The Bachelor of Science (BS) in Criminal Justice degree completion program at Boston University’s Metropolitan College (MET) is designed specifically for domestic transfer students with at least six or more completed courses at a regionally accredited college or university. The BS in Criminal Justice program builds on methods and theories of social science while developing a specialized understanding of criminal activity, policing, corrections, criminal court procedures, and social policy as it relates to crime control. Graduates will be adept in critical thinking, computer applications, and quantitative analysis in relation to criminal study.
Program at a Glance
- On Campus
- 128 Credits
- 24–36 Months**
*Please note that Metropolitan College does not issue visas to international students for full-time on-campus study in undergraduate programs (degree or non-degree).
**Program duration depends on volume of approved transfer credits. To learn more about transfer credit eligibility, please contact an Admissions Advisor.
Flexible, Part-Time Degree Completion—at Boston University
The BS in Criminal Justice at Boston University’s Metropolitan College is a self-paced bachelor’s degree completion program offered in a convenient, part-time evening format—ideal for busy professionals who seek to earn a Boston University degree without turning their personal lives upside down or putting their careers on hold. Along with self-paced programs in a variety of majors on campus, MET also offers the Online Undergraduate Degree Completion Program, leading to a bachelor’s in Interdisciplinary Studies.
A variety of undergraduate certificate programs provide the opportunity for focused study in a specific subject. Certificates can work into select degree programs at MET, offer breadth to current studies, or build professional skills and knowledge.
A Foundation for Criminal Justice Success
Metropolitan College’s Bachelor’s in Criminal Justice equips you with:
- Proficient knowledge of theoretical perspectives of crime causation and their implications and applications for public policy and practice.
- Specialized knowledge of content areas connected to domains within the administration of justice (law, policing, adjudication, and corrections) and specific crime- and justice-related social problems.
- A foundation for conducting, interpreting, and evaluating research designs, as well as the quantitative and qualitative analytical methods for understanding crime- and justice-related social problems.
- A capacity to recognize and analyze legal and ethical constraints, their implications for criminal justice policy and decision-makers, and the effect of justice policy and practice on diverse sets of values and groups in society.
- An ability to synthesize, evaluate, recognize implications, and communicate effectively using scholarly sources of information connected to crime theory and policy.
Why Complete Your Criminal Justice Bachelor’s at BU?
- Engaged Faculty: In BU MET’s criminal justice bachelor’s program, an exceptional student-to-instructor ratio ensures close interaction with highly qualified faculty who draw from active research and substantial professional achievements in areas such as law enforcement, corrections, cybercrime investigation and digital forensics, research and policy, forensic mental health, the judicial system, strategic management, and many other areas.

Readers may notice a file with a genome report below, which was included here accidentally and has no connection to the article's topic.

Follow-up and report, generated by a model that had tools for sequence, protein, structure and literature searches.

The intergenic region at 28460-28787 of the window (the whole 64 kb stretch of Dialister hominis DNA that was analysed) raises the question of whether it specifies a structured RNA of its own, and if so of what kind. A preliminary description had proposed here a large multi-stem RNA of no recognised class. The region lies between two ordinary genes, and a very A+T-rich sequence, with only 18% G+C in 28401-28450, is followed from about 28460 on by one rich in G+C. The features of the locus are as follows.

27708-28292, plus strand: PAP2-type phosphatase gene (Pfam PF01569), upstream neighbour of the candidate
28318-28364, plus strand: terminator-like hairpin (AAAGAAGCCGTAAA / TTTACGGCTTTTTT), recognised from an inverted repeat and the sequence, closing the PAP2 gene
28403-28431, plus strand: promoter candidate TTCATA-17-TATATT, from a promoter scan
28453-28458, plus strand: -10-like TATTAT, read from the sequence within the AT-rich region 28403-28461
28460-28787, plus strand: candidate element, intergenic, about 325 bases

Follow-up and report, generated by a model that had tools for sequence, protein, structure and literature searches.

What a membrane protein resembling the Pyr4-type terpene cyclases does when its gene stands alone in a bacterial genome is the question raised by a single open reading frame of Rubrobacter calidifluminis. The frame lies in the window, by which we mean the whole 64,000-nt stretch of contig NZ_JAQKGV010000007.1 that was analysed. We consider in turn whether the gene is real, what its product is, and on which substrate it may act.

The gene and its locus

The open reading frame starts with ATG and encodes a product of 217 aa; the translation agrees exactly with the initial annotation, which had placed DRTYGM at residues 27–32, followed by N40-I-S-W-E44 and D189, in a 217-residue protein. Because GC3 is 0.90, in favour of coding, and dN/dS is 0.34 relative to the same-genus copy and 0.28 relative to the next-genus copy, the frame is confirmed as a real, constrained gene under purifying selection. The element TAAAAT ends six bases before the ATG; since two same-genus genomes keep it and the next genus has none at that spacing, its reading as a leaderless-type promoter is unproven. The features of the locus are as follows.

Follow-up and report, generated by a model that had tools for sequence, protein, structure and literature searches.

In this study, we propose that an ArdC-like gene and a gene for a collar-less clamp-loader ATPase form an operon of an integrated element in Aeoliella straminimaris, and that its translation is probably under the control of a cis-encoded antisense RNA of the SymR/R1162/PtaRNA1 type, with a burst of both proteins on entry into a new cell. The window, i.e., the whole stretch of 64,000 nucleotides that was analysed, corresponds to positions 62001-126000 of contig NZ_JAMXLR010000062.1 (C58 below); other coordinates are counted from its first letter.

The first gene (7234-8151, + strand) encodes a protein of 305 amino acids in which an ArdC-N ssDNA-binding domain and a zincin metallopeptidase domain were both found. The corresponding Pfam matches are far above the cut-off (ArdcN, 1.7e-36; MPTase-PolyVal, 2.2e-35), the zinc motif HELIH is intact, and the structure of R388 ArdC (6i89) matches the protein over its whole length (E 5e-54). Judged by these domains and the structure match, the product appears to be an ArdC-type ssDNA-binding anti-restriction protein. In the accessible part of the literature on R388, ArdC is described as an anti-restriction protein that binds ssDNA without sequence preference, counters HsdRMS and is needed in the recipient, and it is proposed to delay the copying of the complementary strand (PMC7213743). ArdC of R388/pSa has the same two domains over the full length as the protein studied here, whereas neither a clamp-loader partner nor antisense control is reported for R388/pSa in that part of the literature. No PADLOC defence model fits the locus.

- Track Record: Learn from the best—BU MET has offered criminal justice education since 1973, introducing the master’s degree in criminal justice in 1980, which became BU’s first fully online program in 2002.
- Extensive Network: Study principles of criminal justice alongside peers with professional experiences, learn from faculty who have valuable contacts in community outreach, law enforcement, research, and corrections, and benefit from a global alumni community with strong connections.
- Student Support: Benefit from access to personalized professional academic advice from the team of academic counselors in MET Enrollment & Student Success.
- Valuable Resources: Make use of Boston University’s extensive resources, including the Center for Career Development, Fitness & Recreation Center, IT Help Centers, Mugar Memorial Library, Frederick S. Pardee Center for the Study of the Longer-Range Future, Center for Antiracist Research, Initiative on Cities, Howard Thurman Center for Common Ground, George Sherman Union, and many others.
- Flexible Schedule: Pursue your studies part-time, at the pace that works for you, evenings on campus.
- Affordable Tuition: Complete your bachelor’s part-time at BU at a substantial savings compared to full-time study.
- Financial Assistance: Undergraduate students at BU MET are eligible for a range of financial aid and community-minded scholarship opportunities designed to support those investing in their education part-time who still need to navigate full-time responsibilities.
BU MET’s Criminal Justice bachelor’s degree program can serve as a preparatory building block to future graduate education opportunities—including the Master of Science in Criminal Justice and the Graduate Certificate in Criminal Justice. By mastering the fundamentals of the field under the tutelage of MET’s world-class Criminal Justice faculty, you develop both the skills and the habits necessary for continuing graduate studies, and vital University connections. To be eligible for the degree, you must apply for admission and be accepted into the degree program. Consult with an admissions advisor to learn more about this option.
Bachelor’s in Criminal Justice Curriculum
Candidates for the bachelor’s degree at Metropolitan College are required to complete a minimum of 32 courses (128 credits), including Hub requirements, major requirements, related courses, and electives.